Just came across this piece from RSM – and thought it a good piece to share, it’s worth the read.
What’s in a word or a phrase? Well sometimes a lot. Whether we appreciate it or not much of the language we use carries considerable extra weight and meaning due to history, perceptions, and baggage connected with it.
I was fortunate a while back to attend a seminar by Vicki Sykes on the topic of Business acquisition in the community sector in New Zealand. Vicki is an interesting speaker and after 17 years as a CEO of a South Auckland charity she followed her passion to step back and do a University thesis on the topic of her presentation.
One of the quotes that Vicki used (and forgive me for not knowing to whom this should be attributed) was:
“Remember that being a charity is a tax status; not a business model.”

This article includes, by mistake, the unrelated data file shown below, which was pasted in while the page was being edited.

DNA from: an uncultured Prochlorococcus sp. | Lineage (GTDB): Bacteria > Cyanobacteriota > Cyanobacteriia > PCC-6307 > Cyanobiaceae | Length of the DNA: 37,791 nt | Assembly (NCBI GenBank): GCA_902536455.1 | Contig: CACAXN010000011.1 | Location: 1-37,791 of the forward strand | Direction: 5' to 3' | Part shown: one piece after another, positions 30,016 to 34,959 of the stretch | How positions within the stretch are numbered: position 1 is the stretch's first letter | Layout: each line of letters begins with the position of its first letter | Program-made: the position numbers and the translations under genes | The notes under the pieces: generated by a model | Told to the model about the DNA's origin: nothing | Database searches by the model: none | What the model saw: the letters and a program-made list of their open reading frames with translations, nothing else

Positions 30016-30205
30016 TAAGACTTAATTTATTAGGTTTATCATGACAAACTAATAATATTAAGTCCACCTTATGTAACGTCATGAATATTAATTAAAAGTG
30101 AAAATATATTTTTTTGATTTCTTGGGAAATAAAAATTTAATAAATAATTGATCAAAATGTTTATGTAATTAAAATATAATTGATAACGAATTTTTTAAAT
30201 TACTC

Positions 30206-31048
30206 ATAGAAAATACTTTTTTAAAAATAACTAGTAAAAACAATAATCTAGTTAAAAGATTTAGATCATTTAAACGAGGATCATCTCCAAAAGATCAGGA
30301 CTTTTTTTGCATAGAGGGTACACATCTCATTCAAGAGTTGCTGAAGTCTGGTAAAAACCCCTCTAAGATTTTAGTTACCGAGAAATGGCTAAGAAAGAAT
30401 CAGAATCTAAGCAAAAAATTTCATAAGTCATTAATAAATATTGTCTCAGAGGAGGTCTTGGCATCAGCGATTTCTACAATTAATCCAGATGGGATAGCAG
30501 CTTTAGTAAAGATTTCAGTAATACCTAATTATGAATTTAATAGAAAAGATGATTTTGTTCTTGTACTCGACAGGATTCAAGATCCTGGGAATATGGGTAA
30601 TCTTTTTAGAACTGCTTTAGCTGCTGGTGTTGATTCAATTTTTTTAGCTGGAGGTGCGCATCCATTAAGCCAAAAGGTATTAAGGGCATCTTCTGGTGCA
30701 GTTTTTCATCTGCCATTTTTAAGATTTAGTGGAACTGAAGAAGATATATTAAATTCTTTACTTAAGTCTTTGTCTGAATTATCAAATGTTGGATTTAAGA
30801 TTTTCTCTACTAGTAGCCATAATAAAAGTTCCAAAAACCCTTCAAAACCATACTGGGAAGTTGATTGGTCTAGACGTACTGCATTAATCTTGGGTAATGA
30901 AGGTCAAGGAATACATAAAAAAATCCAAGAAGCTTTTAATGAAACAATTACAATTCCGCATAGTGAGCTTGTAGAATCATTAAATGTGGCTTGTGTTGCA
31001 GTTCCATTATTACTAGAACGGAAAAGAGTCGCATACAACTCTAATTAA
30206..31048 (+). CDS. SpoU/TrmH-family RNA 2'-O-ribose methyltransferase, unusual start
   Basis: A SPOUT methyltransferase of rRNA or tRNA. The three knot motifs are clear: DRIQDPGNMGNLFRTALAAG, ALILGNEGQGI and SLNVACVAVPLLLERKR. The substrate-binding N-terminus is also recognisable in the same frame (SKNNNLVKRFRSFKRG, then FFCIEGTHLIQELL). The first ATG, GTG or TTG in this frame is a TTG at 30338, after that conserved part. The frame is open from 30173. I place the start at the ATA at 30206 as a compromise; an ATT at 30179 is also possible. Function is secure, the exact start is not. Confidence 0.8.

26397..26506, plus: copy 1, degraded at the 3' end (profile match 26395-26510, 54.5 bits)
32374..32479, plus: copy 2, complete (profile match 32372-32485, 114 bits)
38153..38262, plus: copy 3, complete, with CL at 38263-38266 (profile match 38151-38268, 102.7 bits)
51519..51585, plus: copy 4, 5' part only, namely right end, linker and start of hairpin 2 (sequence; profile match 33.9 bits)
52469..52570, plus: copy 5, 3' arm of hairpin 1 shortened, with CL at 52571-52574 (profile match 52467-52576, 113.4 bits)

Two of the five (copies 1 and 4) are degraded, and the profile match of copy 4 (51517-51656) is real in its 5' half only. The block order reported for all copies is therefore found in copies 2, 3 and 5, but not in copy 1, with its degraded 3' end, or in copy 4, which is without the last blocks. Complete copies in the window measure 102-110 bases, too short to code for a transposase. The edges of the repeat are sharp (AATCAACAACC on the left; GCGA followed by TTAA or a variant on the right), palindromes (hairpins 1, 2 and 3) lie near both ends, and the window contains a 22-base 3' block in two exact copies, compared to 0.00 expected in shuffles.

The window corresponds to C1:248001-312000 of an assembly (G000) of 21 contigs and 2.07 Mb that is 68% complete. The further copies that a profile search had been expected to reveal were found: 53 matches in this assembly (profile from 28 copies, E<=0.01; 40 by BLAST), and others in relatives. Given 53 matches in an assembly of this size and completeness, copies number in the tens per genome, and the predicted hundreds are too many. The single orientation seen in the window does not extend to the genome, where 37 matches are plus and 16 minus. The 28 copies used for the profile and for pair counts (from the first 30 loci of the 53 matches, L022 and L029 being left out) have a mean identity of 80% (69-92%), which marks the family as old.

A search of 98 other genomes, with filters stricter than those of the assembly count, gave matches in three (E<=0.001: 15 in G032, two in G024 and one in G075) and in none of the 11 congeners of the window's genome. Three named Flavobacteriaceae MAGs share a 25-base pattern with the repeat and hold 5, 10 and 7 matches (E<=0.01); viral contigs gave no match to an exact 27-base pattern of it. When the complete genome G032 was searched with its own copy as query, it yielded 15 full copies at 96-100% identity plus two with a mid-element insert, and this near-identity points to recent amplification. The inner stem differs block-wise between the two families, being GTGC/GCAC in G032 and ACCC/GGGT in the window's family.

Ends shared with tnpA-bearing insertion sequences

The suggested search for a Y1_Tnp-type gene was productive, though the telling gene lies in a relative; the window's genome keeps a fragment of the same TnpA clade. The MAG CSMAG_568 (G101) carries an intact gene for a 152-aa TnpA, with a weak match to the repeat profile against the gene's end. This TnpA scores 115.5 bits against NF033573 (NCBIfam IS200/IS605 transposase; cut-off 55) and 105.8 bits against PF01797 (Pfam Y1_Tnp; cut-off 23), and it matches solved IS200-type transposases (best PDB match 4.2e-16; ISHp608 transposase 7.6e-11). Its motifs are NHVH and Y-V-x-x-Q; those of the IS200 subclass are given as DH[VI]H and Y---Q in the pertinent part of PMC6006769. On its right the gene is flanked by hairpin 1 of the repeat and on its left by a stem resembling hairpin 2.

That line struck me as powerful. One because of its simplicity. But perhaps more so due to it making me question my use of the word charity. There are so many assumptions we attach to a word. These are built up over time and become unquestioned. But when we sit back and consider them, sometimes we see that maybe these assumptions and perceptions we attach to a word can hold us back.
When I ask others, especially businesspeople, about the word charity as it relates to organisations, there seems to be a common understanding that this is an organisation that does good. People understand that they exist to serve some social or community benefit. The word charity is also associated with giving without expecting anything in return. A very noble attribute.
Yet these understandings or assumptions about the word charity when considering a charitable organisation also seem to blinker some people in their attitudes towards the organisation and how it operates.
Keep reading here
What are your thoughts?